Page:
To assess the nutritional status of pupils, we measured weights and heights according to standard procedures described by WHO [30]. Weight was measured to the nearest 0.1 kg with an electronic scale (SECA 803) with children wearing only light clothing and without shoes. Weight was recorded twice and the mean value was used in the analyses. If the difference between the two measures exceeded 0.2 kg, the child was weighed again. The scale was checked for accuracy with standard weights after about every 200 measures. Individual height was measured with a wooden stadiometer placed on a flat surface. The subject stood on the basal part of the device with feet together (without shoes). The shoulders, the buttocks and the heels had to touch the vertical measuring board. The children standing with their eyes in the Frankfort horizontal plane, the height was measured to the nearest 0.1 cm and recorded twice. Similarly, when the difference between the two measures was higher than 0.5 cm, a third measure was taken and the mean of the two closest values was used in the analyses. Computed Z-scores of Body Mass Index for age (BMIAZ) and height for age (HAZ) were then used to assess thinness/overweight/obesity and stunting, respectively, using the WHO new reference values for school boys and girls [31]. Stunting was defined as HAZ <-2.0, thinness as BMIAZ <-2.0, overweight as BMIAZ >1.0 and obesity as BMIAZ >2.0 [32].

Biological variables

Haemoglobin (Hb) concentration to assess anaemia was measured in all children with the HemoCue® system (HemoCue, Angelholm, Sweden). The technique is recommended by WHO for field surveys because of its comparability with the cyanmethemoglobin method [33]. One drop of capillary blood is carefully collected at the tip of the middle finger with a lancet. The first two drops are discarded and the third one is used to fill the microcuvette, which is then placed in the cuvette holder of the device (HemoCue Hb 201+). The displayed Hb value is then recorded [34]. When the displayed value was lower or equal to 7 g/dl, a second measure was performed and the mean value was recorded for analyses. Age-specfic criteria were used to identify anaemic children: Hb < 11.5 g/dl for children between 7 and 11 years of age, and Hb < 12 g/dl for those aged 12 - 14 years [33].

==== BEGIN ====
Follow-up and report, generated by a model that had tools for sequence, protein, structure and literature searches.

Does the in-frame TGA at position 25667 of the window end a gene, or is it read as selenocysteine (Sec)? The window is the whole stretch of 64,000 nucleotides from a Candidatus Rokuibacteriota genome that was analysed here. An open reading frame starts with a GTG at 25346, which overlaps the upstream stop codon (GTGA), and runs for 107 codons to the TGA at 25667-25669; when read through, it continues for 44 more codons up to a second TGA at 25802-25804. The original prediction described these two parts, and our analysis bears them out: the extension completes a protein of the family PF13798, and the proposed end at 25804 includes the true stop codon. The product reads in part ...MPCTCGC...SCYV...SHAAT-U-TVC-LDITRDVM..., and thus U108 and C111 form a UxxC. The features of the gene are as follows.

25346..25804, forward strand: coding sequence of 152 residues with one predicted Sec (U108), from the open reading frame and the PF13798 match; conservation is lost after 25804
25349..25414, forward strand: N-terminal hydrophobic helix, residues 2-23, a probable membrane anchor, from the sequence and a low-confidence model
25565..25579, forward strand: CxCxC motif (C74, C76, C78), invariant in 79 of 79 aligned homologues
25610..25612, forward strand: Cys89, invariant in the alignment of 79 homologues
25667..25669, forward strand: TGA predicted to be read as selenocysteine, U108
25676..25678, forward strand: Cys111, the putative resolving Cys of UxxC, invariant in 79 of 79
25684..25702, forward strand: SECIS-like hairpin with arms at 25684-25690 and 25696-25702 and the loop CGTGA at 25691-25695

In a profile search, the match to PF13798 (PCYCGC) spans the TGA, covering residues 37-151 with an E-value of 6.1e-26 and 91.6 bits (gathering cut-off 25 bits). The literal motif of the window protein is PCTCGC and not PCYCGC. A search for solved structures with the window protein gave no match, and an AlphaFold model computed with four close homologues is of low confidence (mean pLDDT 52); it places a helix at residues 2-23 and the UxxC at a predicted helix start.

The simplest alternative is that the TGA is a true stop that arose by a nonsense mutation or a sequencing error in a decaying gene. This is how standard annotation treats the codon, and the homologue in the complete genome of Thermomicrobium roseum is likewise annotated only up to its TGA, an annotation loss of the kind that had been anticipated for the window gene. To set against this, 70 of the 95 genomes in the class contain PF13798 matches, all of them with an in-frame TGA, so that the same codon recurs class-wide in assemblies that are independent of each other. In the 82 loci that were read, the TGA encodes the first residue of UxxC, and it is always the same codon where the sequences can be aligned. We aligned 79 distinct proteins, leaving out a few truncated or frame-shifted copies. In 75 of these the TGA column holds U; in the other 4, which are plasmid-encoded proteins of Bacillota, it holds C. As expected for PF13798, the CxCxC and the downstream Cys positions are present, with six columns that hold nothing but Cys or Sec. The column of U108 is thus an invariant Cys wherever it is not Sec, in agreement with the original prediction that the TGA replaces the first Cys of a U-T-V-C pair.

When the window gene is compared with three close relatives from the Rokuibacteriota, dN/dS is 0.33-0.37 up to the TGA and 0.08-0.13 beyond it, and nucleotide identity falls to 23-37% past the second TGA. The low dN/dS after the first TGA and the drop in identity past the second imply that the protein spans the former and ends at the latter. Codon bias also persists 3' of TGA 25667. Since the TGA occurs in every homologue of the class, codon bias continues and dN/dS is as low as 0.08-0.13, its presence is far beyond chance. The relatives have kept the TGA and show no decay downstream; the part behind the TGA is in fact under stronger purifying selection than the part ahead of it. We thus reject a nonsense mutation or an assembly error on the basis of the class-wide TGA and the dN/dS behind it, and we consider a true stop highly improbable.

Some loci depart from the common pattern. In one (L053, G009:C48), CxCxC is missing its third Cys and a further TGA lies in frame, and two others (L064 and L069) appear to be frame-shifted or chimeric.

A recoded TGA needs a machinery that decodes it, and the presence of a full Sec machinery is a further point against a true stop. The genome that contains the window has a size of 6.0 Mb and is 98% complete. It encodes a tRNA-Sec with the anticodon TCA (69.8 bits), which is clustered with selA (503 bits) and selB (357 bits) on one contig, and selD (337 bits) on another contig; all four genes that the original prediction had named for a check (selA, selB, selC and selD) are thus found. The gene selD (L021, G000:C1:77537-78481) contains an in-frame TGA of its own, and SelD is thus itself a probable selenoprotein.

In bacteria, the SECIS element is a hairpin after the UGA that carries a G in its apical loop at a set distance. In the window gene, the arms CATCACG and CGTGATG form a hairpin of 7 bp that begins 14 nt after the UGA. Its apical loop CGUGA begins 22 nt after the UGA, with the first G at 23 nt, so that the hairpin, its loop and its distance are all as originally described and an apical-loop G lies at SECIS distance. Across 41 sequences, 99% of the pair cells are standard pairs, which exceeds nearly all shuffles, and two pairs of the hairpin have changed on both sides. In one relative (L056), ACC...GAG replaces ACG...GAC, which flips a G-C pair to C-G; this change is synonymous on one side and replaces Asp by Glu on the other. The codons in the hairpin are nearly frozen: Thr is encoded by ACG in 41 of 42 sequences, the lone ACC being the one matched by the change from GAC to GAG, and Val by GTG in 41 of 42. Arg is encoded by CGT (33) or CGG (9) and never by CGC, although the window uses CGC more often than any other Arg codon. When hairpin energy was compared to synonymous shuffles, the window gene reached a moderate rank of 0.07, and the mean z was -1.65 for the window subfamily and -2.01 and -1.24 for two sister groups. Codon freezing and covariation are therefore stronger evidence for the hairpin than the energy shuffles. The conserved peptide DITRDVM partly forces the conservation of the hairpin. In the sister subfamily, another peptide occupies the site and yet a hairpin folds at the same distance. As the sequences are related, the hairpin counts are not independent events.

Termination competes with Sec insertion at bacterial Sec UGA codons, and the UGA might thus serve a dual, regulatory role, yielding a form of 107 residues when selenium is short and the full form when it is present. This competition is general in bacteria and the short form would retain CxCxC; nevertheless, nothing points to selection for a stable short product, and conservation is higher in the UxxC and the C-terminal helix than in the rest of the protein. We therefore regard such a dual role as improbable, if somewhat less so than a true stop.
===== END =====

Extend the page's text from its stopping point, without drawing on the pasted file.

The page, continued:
Vitamin A status was assessed in a random subsample of 208 children (half boys) because of the high cost of the assay. We collected 10 ml of venous blood. After centrifugation at the National Public Health Laboratory (NPHL) of Burkina Faso, the serum samples were analysed in duplicate for retinol with High Performance Liquid Chromatography (HPLC) at the Analytical chemistry laboratory of University of Ouagadougou. The laboratory belongs to a network for quality control of retinol determinations. Low serum retinol indicating vitamin A deficiency (VAD) was defined as < 0.7 μmol/l [35].

Thyroid palpation was performed on all children as a means of assessing iodine deficiency, as described and recommended by WHO to detect goitre in school children [36]. The palpation was performed by a trained medical student in his last year at the Medical School of University of Ouagadougou. The simplified method of grading goitre in three categories was used [36].

Statistical analyses

Data were processed and analysed with SPSS.17 software (SPSS, Inc., Chicago IL). To ensure data quality, data of 30% of the records were entered twice. Chi square and independent t-test were used for proportions and mean comparisons between groups. All the statistical tests in this study were considered significant at P < 0.05.

Ethical considerations

The study was approved by the research ethics committee of the Faculty of Medicine of University of Montreal and the ethics committee of the Ministry of Health of Burkina Faso. The study's objectives and procedures were explained during meetings held in each school. Informed consent forms were given to the children for their parents to sign and were collected one week later. Children whose parents did not accept undertook other activities with the teachers during data collection. The children themselves also had to agree (orally) to take part in the study, and none refused.


Socio-demographic characteristics